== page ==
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Job mobility, residential mobility and commuting: A theoretical analysis using search theory

Author

Listed:
  • Piet Rietveld

    () (Department of Spatial Economics, Free University, De Boelelaan 1105, 1081 HV Amsterdam, The Netherlands)

  • Peter Nijkamp

    () (Department of Spatial Economics, Free University, De Boelelaan 1105, 1081 HV Amsterdam, The Netherlands)

  • Jos van Ommeren

    () (Centre for European HRM, School of Management, Cranfield University, Cranfield, Bedfordshire MK43 OAL, United Kingdom)

Abstract

The decision to move job and the decision to move residence are closely related dynamic discrete choices, as both moves involve a change of commuting distance. This suggests that labour and residential mobility are mutually dependent and should be simultaneously analysed, based on a theory which incorporates these dynamic decisions explicitly. In the present paper, we base our analysis on search theory and choose the point of departure that individuals maximise utility by moving through different labour market and housing market states, while taking into consideration that moving from one state to another is costly. Based on these assumptions, a search model is constructed and the optimality conditions are derived. One of main conclusions based on the search model is that the effect of factors which cause housing market imperfections (viz. the residential moving costs and the residence arrival rate) have ambiguous effects on he job acceptance and job search behaviour of employed individuals. For some interesting cases however, the effect of the residential moving costs on the job acceptance behaviour can be derived. In contrast, the effect of housing market imperfections on the labour market behaviour of nonemployed persons is determined. We find for example that housing policies which discourage nonemployed persons to move residence (e.g. housing subsidies) also decrease the probability of becoming employed and may therefore unintentionally increase the number of nonemployed persons.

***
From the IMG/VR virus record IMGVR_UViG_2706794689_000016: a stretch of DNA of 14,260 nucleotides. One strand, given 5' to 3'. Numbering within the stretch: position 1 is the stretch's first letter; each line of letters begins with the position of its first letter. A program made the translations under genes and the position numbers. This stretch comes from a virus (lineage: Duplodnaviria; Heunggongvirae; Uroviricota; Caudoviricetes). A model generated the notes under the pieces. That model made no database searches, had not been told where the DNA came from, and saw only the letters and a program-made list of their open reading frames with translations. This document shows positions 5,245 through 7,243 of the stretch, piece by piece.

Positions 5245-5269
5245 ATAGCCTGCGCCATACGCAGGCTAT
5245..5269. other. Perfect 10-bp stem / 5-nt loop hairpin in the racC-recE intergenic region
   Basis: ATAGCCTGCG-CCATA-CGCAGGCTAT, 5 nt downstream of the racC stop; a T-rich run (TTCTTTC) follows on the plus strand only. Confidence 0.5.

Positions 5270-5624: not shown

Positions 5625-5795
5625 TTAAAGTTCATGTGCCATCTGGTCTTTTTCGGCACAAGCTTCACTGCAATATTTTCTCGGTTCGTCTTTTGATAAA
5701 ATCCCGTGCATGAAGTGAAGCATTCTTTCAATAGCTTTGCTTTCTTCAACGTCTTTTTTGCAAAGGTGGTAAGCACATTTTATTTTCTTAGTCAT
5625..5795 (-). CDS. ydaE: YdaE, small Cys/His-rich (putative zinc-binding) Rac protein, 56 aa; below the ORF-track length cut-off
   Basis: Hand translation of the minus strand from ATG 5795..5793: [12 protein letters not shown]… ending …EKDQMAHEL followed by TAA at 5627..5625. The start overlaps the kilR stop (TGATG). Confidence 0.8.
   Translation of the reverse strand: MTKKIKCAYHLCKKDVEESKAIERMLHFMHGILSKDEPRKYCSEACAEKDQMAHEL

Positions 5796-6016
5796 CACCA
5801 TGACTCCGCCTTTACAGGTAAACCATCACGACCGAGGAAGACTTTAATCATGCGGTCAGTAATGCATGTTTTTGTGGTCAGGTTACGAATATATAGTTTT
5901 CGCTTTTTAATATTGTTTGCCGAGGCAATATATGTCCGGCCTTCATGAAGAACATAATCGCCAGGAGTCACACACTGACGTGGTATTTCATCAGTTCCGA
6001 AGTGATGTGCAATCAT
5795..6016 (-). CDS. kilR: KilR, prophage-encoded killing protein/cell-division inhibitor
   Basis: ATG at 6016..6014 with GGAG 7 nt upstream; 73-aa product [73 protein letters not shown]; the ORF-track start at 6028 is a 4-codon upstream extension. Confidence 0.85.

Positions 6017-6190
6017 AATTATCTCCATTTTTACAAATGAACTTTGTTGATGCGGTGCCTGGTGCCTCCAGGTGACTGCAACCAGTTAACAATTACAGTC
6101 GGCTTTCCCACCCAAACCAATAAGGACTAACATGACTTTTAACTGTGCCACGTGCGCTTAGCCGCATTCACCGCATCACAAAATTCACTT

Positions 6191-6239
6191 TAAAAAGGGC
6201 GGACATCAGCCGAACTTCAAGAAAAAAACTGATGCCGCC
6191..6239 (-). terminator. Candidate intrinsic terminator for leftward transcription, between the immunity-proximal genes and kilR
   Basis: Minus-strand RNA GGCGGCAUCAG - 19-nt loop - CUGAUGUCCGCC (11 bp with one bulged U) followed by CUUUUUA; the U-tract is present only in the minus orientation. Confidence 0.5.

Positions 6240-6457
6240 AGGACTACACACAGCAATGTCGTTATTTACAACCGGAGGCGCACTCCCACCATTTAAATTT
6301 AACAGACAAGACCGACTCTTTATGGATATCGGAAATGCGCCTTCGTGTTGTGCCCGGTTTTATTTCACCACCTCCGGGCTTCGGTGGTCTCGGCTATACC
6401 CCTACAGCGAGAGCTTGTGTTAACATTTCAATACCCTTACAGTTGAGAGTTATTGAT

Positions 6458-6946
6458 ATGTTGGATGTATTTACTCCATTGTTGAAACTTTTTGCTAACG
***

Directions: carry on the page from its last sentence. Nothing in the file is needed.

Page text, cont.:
Suggested Citation

  • Piet Rietveld & Peter Nijkamp & Jos van Ommeren, 2000. "Job mobility, residential mobility and commuting: A theoretical analysis using search theory," The Annals of Regional Science, Springer;Western Regional Science Association, vol. 34(2), pages 213-232.
  • Handle: RePEc:spr:anresc:v:34:y:2000:i:2:p:213-232
    Note: Received: December 1997/Accepted: March 1999
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    Cited by:

    1. Yicheol Han & Stephan J. Goetz & Taegon Kim & JeongJae Lee, 2013. "Estimating Employment-Related Migration from Overlapping Migration and Commuting Networks," Growth and Change, Wiley Blackwell, vol. 44(3), pages 474-493, September.
    2. Sergii TROSHCHENKOV, 2016. "Return to Commuting Distance in Sweden," Departmental Working Papers 2016-08, Department of Economics, Management and Quantitative Methods at Università degli Studi di Milano.
    3. K. Newbold, 2012. "Migration and regional science: opportunities and challenges in a changing environment," The Annals of Regional Science, Springer;Western Regional Science Association, vol. 48(2), pages 451-468, April.
    4. Kronenberg, Kristin & Carree, Martin, 2010. "Job and residential mobility in the Netherlands: the influence of human capital, household composition and location," MPRA Paper 25840, University Library of Munich, Germany.